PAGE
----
Each year, early November recalls familiar words:
The fifth of November,
The gunpowder, treason, and plot;
I know of no reason
Why the Gunpowder treason
Should ever be forgot!
These folk rhymes were written 200 years after the fateful day in 1605 when Catholic revolutionary Guy Fawkes was arrested while trying to bomb the Houses of Parliament in London, England. This failed attack became a day of celebration for Londoners, and the holiday has had staying power to this day, even as cultural and religious contexts have changed. Guy Fawkes’s legacy has also shifted somewhat, from notorious traitor to symbol of dissent and revolution.
However we choose to remember that fateful fifth of November, it is notable that we do, in fact, remember the non-event year after year. Besides the interesting history, might it have something to do with that catchy rhyme?
Mnemonics are learning techniques that help us remember things. Mnemonics work because they associate new material with something we already know, or an interesting or memorable mental image. Mnemonics may also link new information together in an interesting (see: rhyming!) way. What other historical days or scientific facts do your students have mnemonic tricks for? Here are a few I’ll never forget.
- 7 Levels of Classification: King Philip Can Order Five Greek Salads (Kingdom, Phylum, Class, Order, Family, Genus, Species).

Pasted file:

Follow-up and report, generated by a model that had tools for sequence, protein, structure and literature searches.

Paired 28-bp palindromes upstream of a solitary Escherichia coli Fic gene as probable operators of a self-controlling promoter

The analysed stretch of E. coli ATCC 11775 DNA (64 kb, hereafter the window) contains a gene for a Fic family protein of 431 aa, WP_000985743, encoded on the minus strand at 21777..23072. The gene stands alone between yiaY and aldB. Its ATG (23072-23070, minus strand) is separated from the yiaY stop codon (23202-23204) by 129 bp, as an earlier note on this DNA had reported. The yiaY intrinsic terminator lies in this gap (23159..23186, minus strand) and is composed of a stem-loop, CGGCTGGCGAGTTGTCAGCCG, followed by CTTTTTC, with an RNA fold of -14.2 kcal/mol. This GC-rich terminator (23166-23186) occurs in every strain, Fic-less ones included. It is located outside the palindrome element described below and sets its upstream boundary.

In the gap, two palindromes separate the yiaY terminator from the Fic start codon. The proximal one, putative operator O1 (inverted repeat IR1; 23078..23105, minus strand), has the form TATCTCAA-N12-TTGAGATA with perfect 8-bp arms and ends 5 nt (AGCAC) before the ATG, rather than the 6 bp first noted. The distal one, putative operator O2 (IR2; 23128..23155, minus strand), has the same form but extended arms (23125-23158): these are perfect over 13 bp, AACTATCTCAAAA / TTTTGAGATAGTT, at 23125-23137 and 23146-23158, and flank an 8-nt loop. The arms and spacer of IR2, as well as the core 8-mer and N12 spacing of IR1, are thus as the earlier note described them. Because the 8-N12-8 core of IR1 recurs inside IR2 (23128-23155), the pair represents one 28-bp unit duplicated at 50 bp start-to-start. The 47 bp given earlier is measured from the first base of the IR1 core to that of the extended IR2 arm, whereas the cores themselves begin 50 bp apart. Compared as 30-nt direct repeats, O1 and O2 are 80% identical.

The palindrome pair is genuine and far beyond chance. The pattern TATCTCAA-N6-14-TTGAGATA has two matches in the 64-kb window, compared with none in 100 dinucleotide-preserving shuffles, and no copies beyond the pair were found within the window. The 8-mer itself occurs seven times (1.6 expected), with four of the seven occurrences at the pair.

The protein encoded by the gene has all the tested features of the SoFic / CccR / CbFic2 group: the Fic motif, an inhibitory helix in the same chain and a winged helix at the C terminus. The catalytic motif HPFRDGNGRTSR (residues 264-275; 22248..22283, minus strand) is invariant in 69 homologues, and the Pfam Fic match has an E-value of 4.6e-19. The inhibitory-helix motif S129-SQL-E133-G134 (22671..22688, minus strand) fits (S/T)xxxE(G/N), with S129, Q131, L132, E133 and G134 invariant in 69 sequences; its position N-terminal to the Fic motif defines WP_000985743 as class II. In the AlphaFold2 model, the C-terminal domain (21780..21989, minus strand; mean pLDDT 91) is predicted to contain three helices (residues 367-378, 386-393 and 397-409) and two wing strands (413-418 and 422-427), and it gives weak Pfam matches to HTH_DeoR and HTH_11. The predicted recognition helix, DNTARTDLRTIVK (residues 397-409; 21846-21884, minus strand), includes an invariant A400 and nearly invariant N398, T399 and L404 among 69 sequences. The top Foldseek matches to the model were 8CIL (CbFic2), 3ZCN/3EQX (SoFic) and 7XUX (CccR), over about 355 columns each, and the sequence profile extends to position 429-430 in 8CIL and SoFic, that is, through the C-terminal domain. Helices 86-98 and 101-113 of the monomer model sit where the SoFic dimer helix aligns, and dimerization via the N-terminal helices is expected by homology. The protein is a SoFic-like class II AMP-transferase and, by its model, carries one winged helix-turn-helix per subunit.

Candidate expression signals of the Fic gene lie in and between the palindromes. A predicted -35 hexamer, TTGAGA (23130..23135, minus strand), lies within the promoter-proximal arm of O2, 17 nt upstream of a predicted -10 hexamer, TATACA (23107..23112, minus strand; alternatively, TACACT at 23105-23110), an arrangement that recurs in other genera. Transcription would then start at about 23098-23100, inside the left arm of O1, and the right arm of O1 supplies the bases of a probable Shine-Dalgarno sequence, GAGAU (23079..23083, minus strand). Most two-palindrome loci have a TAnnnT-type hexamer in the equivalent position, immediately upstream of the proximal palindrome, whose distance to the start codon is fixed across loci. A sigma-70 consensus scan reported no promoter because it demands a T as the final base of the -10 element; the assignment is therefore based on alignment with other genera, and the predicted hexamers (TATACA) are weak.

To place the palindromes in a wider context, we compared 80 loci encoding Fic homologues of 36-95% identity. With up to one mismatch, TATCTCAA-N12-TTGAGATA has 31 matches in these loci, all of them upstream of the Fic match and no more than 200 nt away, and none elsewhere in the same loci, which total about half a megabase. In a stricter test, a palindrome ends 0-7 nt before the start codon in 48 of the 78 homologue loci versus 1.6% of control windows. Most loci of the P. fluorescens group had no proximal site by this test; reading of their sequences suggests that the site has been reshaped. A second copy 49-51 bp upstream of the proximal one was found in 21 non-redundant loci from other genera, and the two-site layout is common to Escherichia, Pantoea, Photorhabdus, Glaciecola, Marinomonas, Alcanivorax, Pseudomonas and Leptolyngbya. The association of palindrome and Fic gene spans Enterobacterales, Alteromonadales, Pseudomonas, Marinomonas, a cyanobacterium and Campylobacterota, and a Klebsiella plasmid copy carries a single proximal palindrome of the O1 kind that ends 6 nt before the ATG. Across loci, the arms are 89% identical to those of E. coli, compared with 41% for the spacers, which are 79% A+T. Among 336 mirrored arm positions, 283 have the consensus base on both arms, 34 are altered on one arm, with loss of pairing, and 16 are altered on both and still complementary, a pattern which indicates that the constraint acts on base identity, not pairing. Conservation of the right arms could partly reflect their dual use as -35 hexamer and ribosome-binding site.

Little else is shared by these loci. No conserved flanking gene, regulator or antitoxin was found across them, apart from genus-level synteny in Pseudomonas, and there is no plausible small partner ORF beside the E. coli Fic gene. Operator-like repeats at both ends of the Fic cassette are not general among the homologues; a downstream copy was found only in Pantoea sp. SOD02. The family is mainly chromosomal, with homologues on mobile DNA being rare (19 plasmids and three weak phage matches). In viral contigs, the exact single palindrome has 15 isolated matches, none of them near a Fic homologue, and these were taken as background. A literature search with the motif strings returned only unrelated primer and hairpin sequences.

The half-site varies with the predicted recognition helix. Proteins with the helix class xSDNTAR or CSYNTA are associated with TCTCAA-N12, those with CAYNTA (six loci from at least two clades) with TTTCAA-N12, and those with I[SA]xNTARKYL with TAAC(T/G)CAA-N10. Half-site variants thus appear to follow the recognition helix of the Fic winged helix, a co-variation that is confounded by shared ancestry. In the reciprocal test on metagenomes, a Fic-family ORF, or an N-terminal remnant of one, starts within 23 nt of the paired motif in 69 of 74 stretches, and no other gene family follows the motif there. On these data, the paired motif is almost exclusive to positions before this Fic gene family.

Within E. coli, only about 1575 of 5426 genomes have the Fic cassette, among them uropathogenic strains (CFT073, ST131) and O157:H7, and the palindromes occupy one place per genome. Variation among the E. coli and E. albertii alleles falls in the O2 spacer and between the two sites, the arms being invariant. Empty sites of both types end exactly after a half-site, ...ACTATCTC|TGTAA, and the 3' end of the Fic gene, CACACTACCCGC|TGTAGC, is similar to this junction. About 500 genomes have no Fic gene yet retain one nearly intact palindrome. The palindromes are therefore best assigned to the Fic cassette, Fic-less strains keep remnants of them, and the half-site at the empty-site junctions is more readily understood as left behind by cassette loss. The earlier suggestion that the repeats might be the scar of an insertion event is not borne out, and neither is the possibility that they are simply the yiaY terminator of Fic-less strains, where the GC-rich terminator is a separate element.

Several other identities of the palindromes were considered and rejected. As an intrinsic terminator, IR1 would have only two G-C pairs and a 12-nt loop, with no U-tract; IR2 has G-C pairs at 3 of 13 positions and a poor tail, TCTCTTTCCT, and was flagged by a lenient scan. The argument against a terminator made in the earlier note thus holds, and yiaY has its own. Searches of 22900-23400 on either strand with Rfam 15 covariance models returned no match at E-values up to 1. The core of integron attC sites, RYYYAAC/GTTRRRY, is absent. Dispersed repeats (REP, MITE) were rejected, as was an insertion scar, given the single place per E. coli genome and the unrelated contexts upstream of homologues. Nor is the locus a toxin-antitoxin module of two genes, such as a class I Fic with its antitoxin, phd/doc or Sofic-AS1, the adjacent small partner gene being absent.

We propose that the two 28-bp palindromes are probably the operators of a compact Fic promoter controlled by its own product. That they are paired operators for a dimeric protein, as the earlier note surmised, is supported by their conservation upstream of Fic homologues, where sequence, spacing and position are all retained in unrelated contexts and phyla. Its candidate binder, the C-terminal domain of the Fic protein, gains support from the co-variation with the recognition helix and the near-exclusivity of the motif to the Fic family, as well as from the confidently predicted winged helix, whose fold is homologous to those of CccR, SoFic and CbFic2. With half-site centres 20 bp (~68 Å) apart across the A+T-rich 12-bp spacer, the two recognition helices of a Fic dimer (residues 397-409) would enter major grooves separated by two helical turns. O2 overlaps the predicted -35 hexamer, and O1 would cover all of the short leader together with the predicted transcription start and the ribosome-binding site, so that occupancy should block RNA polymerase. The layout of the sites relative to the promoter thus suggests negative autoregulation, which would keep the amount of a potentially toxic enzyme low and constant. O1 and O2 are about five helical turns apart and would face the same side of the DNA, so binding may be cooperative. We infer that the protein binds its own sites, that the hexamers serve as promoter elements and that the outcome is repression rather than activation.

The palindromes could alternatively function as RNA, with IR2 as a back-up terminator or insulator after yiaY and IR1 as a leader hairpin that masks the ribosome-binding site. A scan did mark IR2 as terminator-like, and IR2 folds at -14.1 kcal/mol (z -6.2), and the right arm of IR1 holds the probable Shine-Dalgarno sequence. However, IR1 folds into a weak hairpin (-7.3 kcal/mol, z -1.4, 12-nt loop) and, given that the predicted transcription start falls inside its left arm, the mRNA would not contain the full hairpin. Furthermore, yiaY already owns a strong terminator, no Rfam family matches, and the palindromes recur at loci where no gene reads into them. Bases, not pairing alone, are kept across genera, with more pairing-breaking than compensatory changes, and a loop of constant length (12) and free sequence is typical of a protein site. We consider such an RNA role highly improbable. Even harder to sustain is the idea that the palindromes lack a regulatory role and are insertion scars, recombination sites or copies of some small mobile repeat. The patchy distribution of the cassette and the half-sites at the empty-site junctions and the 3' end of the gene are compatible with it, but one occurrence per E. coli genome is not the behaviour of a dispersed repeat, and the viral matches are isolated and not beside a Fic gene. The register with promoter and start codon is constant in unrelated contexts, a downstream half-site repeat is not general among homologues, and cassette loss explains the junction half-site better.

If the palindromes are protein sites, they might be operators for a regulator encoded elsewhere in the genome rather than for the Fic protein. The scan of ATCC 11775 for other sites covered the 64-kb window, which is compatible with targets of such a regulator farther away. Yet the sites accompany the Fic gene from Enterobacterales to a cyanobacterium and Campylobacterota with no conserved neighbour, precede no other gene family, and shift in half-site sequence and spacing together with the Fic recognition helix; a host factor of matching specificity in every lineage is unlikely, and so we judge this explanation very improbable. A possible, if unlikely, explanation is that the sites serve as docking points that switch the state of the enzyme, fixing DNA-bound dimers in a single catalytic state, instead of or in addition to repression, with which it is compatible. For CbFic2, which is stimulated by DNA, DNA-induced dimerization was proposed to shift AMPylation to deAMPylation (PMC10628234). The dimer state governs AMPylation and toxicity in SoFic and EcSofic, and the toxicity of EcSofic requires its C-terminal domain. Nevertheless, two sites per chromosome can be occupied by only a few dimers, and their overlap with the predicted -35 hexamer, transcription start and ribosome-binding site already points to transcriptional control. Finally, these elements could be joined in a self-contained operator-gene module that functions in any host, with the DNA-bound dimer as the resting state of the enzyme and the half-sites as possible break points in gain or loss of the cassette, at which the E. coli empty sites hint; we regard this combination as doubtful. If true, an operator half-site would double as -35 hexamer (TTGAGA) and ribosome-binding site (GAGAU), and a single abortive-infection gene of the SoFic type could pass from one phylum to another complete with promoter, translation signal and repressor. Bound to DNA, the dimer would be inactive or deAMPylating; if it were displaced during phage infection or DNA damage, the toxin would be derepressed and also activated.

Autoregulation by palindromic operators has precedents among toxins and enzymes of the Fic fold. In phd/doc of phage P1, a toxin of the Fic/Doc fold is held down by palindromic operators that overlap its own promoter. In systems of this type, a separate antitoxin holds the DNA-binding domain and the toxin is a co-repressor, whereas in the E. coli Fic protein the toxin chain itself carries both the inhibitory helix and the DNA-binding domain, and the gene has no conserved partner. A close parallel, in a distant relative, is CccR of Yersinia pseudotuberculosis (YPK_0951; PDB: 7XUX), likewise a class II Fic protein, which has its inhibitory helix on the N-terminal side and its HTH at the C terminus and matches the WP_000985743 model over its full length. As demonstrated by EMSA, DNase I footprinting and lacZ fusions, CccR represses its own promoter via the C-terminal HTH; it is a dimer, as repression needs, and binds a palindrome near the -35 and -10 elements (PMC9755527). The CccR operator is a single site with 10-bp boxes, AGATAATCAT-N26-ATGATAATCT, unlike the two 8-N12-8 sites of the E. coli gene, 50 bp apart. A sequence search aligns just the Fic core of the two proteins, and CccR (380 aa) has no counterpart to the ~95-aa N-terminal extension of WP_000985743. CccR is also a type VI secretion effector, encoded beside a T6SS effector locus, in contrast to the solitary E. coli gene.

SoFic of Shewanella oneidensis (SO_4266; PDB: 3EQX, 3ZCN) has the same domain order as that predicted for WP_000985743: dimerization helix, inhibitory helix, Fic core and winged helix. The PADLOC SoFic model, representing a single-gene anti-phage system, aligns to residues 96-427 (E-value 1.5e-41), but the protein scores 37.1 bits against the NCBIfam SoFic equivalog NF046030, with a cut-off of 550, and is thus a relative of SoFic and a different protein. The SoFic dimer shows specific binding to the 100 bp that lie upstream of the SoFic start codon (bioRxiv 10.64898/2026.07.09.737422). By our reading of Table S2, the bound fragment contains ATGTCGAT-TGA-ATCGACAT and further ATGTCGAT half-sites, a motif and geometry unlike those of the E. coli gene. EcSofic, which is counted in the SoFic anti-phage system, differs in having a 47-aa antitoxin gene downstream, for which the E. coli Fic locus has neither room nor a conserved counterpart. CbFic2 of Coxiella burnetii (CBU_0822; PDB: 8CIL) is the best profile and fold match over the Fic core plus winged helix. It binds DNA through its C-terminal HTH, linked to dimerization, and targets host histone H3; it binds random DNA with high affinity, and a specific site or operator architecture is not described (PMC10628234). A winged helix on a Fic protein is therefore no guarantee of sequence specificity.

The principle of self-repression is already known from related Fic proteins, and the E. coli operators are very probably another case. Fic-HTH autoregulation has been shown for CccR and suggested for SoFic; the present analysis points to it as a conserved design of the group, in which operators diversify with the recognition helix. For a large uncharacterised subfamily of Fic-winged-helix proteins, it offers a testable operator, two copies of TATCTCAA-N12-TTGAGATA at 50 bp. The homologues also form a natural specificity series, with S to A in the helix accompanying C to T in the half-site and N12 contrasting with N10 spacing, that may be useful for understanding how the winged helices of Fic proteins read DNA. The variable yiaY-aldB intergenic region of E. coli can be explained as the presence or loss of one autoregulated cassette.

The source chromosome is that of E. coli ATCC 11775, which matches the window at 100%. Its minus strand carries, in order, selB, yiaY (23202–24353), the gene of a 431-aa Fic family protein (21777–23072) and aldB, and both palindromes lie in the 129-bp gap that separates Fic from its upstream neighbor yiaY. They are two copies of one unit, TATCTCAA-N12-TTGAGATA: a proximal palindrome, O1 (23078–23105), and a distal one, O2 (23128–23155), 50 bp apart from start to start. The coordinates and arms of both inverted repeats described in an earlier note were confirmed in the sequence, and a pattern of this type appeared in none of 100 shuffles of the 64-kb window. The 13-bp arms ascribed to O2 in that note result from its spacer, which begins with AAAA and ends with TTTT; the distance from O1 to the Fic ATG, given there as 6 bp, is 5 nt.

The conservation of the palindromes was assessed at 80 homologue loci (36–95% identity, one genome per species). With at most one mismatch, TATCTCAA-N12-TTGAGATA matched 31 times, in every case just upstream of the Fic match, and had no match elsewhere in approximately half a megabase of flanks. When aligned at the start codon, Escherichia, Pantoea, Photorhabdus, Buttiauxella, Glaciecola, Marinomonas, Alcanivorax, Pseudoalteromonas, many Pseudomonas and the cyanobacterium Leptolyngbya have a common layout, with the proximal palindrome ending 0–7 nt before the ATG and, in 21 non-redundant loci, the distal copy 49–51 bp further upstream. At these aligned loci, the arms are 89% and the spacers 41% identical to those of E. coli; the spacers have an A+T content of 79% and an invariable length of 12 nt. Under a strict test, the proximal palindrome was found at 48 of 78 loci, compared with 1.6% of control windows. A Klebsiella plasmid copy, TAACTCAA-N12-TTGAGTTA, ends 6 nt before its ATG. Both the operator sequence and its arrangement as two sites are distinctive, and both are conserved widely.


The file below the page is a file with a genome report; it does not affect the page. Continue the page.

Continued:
- The Planets: My Very Educated Mother Just Served Us Nachos (Mercury, Venus, Earth, Mars, Jupiter, Saturn, Uranus, Neptune)
- The Great Lakes: HOMES (Huron, Ontario, Michigan, Erie, Superior)
- Weather Forecasting! Red sky in morning, sailors take warning/Red sky at night, sailors delight . . . Weather patterns usually move from west to east. Red sky in the morning (in the east, where the sun rises) indicates that the sun is reflecting off rainclouds, meaning the day will likely have rain—difficult weather for sailing. Red sky at night (in the west, where the sun sets) indicates clear, calm weather—perfect weather for sailing.
But these tried and true favorites are not the only ones that work wonders. Invite your students to invent their own mnemonics to learn difficult material. Try one for the electromagnetic spectrum, the countries in Africa, or the earth’s biomes. Then share your favorites with us! Respond in comments or send your ideas to firstname.lastname@example.org!
Nat Geo: 1605: Guy Fawkes Day
Nat Geo: Electromagnetic Spectrum
Nat Geo: Biomes
Nat Geo: Africa Map